Baby Robin Rescue

These baby Robins had a rough night. Their nest had fallen and unceremoniously dumped them 10 feet onto the ground. They were cold and the parents couldn’t seem to find them. The parents have a history of building poor nests in poor locations. For all they know, the nests magically transform into baskets at some point – this is the second time I’ve intervened. The last time it was because I found a feral cat standing on the nest.

Here are the two of them as I found them this morning, cold and barely moving.

Here is the fallen nest. The rain had made the muddy grass nest heavy, and it was built into the leafy branches of a tree that fall off when they get old.

I cut the old basket out of the tree that held last year’s nest prepared it with some wire.

I placed the nest in the basket…

and wired the nest into the tree right where the fallen one had been.

After warming them in my hands for about 5 minutes, a parent returned and seemed to be searching for them. I placed them in the basket and about three minutes later, the parent arrived at the nest with food but they were so cold and weak they couldn’t eat. The parent ate the food it had brought and left the nest carrying some old nest material. I left for work and when I returned the parents were busy feeding the chicks in shifts, and I could hear the little ones chirping. I was so very happy to see that they had made it through the day. I’ll keep you posted on their progress. Here is a little video from the time I was trying to warm them up.

10 responses

  1. lineatus

    You really see the dinosaur in these guys, don’t you…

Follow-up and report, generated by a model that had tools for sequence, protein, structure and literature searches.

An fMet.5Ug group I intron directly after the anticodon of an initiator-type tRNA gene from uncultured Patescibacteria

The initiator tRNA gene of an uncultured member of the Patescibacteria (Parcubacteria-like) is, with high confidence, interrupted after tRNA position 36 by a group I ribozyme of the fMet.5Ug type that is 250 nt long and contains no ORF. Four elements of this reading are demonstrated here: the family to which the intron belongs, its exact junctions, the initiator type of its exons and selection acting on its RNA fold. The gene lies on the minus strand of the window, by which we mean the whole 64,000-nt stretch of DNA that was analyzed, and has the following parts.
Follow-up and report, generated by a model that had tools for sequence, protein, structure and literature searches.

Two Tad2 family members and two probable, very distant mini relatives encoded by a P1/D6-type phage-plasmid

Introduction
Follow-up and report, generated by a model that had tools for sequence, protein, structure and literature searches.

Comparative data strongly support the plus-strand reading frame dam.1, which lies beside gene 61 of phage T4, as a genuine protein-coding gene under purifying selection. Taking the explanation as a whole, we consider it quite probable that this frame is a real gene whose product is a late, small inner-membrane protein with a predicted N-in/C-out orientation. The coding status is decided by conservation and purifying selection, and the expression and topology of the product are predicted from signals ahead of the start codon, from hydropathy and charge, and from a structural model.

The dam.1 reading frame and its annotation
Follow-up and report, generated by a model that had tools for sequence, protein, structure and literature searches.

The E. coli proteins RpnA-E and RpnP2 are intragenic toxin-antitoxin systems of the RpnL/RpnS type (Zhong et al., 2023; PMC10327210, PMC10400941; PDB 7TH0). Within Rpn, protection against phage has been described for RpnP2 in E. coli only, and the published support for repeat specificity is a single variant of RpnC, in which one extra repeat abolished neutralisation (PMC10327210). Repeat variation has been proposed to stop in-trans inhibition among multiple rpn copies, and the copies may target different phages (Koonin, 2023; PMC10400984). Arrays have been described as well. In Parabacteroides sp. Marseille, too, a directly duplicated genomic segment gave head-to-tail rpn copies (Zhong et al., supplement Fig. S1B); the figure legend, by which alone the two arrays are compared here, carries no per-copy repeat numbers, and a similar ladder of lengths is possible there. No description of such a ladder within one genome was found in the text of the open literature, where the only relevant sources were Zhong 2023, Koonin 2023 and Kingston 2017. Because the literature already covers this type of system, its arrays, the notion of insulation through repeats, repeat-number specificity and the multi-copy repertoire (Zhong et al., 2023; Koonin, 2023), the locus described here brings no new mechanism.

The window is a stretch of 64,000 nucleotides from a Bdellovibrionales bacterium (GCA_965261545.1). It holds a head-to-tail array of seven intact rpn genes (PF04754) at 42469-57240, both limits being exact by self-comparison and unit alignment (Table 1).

May 21, 2011 at 3:51 am

  2. Dear Walter,
    I know you have a warm heart and this proves it again!
    Thanks for taking the time to save our feathered friends and take the most wonderful pictures to share with us.

    May 28, 2011 at 8:31 pm

  3. How wonderful!

    August 4, 2011 at 8:53 am

  4. Thanks for helping these little guys! And for doing it in such a way that the parent was reunited with the babies. That’s always the best possible outcome. I volunteer at a Bay Area wildlife hospital, and you can also heat cold baby birds by using a heating pad (or makeshift heating pad) under a towel and/or under a temporary nest. (A clean margarine tub with wrapped toilet paper cushioning can be used temporarily to house the baby on top of a heat source.) Always low heat, and always something like a towel between the heat source and the baby.

    Congratulations on the 10,000 Birds assignment! That’s how I found your blog. 🙂

    October 31, 2011 at 11:42 am

    • Thanks for visiting. I just subscribed to your blog. Nice to have another perspective on the Bay Area.

      October 31, 2011 at 8:57 pm


    May 7, 2012 at 6:10 am

  6. I’m glad you were there to assist. I pray they survive – it’s a tough world.

    May 28, 2012 at 7:04 pm

  7. Paula Bernardi

    Fico imensamente feliz por saber que os animais podem contar com pessoas maravilhosas como você … é nessas horas que eu sinto que não estou sozinha na luta pelos direitos desses carinhas =D

    June 12, 2012 at 6:21 am

  8. Awww. Lovely. We were brought some baby greenfinches when I was a child (aged 12, my brother was 10) – my friend found them after a windy night, 3 were dead on the road, surrounded by bits of nest. My brother and I raised the other two, feeding them every 20 minutes throughout the day with half milk half egg yolk with ground up corn in dipped in wholemeal bread. They both fledged – we taught one to eat seeds etc and he flew away, but the female stayed with us, totally tame, sat on our shoulders when we were out – she used to fly up to trees but always came back. She died aged 13.

    June 21, 2012 at 5:11 am


    A good story, with a happy ending!

    May 21, 2013 at 5:26 am

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